Most would probably agree that the sight of a hot guy holding a baby in one of those hippie swaddle things is basically the hottest thing ever because it touches on two primal urges—the desire to f**k and the desire to procreate. I’m not saying all women want kids, but a glimpse of a hot dude holding a ridiculously cute baby is enough to make even the biggest kid hater go “hmm…” Said effect is evidenced by this recent Twit Pic of David Beckham cuddling little Harper Seven. Holy crap, I don’t even know who to swoon over. [Celebitchy]
Keep clicking for more proof.
“I was always daddy’s little girl. We did everything together. He was my hero. My father was always there with a hug for me; when I was little, he let me climb all over him like he was a jungle gym.
And then my body changed. I developed early; I had boobs by 11. And all of a sudden, my Dad stopped hugging me or touching me. He went overnight from being my best friend to being remote and critical.”
I read that in a student’s journal earlier this semester (quoted with permission). I’ve read and heard similar things countless times over the course of nearly 20 years teaching gender studies and doing youth ministry. Ask any family therapist who works with teen girls, and they’ll report the same thing I’ve heard: story after story of fathers withdrawing physical affection as soon as their daughters hit puberty. Keep reading »
For most of my 15-year dating career, I went for Fledglings, Makeshift Men, pre-release beta tests of the fully formed adult male. Like Rusty, the dread-locked guitarist with groupies to spare whom I followed to various smoky, sticky-floored venues in college, hoping he’d recognize me from anthropology class. Guys whose giant charisma, outsider cool or longer-than-purely-business hair stoked my sense of adventure and ate my own — often annoying — level of maturity for breakfast.
I was drawn to men who were nothing like the soft-spoken, principled and straight-laced person who had been the dominant male presence in my life so far: my retired CPA father. Keep reading »
Ever since I was a little girl, my dad has been a constant, loving resource with lots of study tips, helpful hints, and words of advice. Countless conversations after fights with my siblings and late-night study sessions before final exams taught me the most important lesson: parents really are your best friends in the world. The “dad-isms” and clichés that I once tried to ignore and/or make fun of are now the phrases I use on a daily basis to help make decisions or dole out advice to my friends. So here are the words I live by, thanks to my dad. Keep reading »
My father doesn’t like trying anything new. Paying bills for instance. He still writes checks and sends them snail mail. “You can pay everything online now,” I’ve told him. “It’s faster and you don’t have to use stamps.”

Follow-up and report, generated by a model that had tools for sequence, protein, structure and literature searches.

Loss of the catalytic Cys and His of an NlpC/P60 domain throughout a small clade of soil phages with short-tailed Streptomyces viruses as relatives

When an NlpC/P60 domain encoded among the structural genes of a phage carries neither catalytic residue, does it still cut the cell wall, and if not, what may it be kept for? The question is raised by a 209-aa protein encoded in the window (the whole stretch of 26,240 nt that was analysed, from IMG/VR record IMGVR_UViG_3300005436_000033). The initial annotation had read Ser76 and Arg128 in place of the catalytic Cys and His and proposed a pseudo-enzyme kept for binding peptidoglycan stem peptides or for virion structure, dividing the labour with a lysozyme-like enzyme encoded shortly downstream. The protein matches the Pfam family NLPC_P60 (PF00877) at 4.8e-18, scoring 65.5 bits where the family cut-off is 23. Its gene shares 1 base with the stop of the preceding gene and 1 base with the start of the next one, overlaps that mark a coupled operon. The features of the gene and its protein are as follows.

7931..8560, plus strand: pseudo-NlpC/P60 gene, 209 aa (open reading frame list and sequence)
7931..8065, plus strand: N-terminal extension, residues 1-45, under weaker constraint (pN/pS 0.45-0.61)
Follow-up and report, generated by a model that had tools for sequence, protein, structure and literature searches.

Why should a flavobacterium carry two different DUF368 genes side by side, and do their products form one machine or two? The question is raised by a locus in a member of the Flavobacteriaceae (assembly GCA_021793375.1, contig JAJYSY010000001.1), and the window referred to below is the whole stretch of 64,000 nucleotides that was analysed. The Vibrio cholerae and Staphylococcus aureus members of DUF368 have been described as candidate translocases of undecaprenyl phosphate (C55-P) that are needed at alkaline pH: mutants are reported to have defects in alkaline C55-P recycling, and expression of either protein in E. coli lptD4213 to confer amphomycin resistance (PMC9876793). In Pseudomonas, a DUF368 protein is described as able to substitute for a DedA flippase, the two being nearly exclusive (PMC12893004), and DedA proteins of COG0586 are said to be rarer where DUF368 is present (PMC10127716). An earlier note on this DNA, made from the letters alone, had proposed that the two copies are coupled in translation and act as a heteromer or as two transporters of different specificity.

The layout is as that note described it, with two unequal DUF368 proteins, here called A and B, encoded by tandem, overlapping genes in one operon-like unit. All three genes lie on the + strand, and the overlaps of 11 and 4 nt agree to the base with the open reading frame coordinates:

He refuses, though he’s fairly internet-savvy, because he’s paid bills this way for the past 30 years, dammit, and that’s the way he’s going to keep paying them. He can get impatient. His stories can go on forever. He can be antisocial and crabby.
I want to be just like him when I grow up. Keep reading »
I love my dad. Dorky though it may be, he’s one of my favorite people and I can’t imagine my life would be as good with any other one. I do, however, have one complaint: really liking my dad has totally screwed me in the dating department.
Aside from the standard complaint that most of the morons I’ve gone out with just aren’t as likable as my dad, I’m also borderline incapable of dating much older men. I can’t help but make skeevy involuntary associations. Keep reading »
A new genre of confessional literature has men opening up about what they really thought when they became a father. The dads know they’re supposed to be overcome with joy after the birth of a child, but many felt demoralized, depressed, or just plain bored. Author Michael Lewis is breaking what he calls “a great conspiracy of silence” with his book, Home Game: An Accidental Guide to Fatherhood, which exposes what he and other men really felt when their child was born. “I wrote my book because of this persistent and disturbing gap between what I was meant to feel and what I actually felt,” Lewis said. It’s great that men are opening up about their feelings, but if Lewis were the father of my child, I don’t think I’d want to know, let alone read, how he really feels about our little bundle of joy, er, depression. Keep reading »
“I love my dad, although I’m definitely critical of him sometimes — like when his pants are too tight!” — Liv Tyler [AHN] Keep reading »
Father’s Day is coming up this Sunday and we here at The Frisky love baby-making! So, while being a celeb is a tough job, being a dad is even more demanding. In honor of the men who spend time with their kids and look so good doing it, we’ve compiled a list of DILFs (the man version of MILF, for those of you not familiar). Check out all eleven, after the jump….
Keep reading »